Author Archive for: Anna McNamee
About Anna Mcnamee
This author has yet to write their bio.Meanwhile lets just say that we are proud Anna Mcnamee contributed a whooping 15 entries.
Entries by Anna Mcnamee
It was with great sadness that the Sandford St Martin Trustees learned of the death of Rabbi Lionel Blue in December last year. Over the last three decades, Lionel had secured a place in the hearts and minds of many people but particularly Radio 4’s ‘Today’ programme audience. His contributions to Thought For the Day […]
I’ll never forget the first ever conversation I had with the nervous man who would end up editing a series of documentaries about religion I was making. “Nice to meet you”, he said before apologising, “I’m afraid I’m not very religious.” “Not religious” I replied, “or not interested in religion.” Because, while I can […]
“May you live in interesting times!” are the words ancient Chinese sages apparently used to curse their enemies. Somewhat inauspicious then, perhaps, that they’re also the words that sprung most readily to mind when I reviewed the results of the Sandford St Martin Trust’s first public survey on the state of religious, ethical and spiritual broadcasting today. “Interesting […]
The plight of an inner-city vicar is being discussed openly and, for once, sympathetically. One of their number — admittedly, a fictional one — was on the cover of the Radio Times and, perhaps less surprisingly, the Church Times. So you’d expect the Revd Adam Smallbone’s real-life colleagues to be pleased. Not universally. This week […]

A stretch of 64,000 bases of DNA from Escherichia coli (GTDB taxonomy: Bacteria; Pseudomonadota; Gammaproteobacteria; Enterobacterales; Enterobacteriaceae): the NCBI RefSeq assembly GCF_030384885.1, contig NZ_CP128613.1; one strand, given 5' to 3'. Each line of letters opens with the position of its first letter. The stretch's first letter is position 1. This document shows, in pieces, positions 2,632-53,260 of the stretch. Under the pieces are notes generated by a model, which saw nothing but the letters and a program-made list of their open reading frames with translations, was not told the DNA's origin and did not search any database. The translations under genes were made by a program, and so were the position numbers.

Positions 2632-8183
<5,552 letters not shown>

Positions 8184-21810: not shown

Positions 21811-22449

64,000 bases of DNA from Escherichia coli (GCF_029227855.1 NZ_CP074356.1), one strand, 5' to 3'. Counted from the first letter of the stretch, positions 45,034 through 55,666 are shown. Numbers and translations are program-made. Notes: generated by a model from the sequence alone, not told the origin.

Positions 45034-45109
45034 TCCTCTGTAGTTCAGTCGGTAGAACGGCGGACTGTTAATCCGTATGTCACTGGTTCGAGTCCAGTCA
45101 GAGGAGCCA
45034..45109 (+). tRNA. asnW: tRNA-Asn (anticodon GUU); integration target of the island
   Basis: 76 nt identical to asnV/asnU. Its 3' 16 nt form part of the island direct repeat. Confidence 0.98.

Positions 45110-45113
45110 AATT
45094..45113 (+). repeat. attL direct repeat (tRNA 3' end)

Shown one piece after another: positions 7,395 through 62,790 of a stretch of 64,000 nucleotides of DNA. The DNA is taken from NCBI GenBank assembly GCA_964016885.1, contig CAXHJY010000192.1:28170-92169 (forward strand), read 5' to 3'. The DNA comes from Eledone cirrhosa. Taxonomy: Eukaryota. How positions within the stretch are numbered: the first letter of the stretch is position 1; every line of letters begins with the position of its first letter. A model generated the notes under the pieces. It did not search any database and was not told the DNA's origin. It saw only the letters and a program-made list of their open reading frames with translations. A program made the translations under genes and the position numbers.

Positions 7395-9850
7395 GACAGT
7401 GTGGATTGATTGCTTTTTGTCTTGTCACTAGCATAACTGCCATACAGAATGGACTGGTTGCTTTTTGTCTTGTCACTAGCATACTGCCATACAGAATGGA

Recent blog posts
THE FUTURE OF PUBLIC SERVICE BROADCASTING
The last decade has seen both broadcast technology and the face of religious Britain evolve massively. At the same time UK audiences find they have access to more content than every before, research suggests there has been a steep decline in certain kinds of content – including children’s, arts and religious and ethical programming. Given this back drop, do we need to redefine what we mean by public service broadcasting? How do genres like children’s, arts or religious broadcasting fit into an increasingly digital world? What place is there for religious and ethical content in an increasingly multi-faith, multi-cultural Britain? Do we need targets or quotas? These questions have been at the heart of recent events, sponsored by the Sandford St Martin Trust, at the Wales Screen Summit and the Bradford Literature Festival. And we’re planning more! If you’d like to contribute to the conversation, to share your perspective or hear how broadcasters are responding to these challenges, get in touch or sign up up to our mailing list.
We look forward to hearing what you think!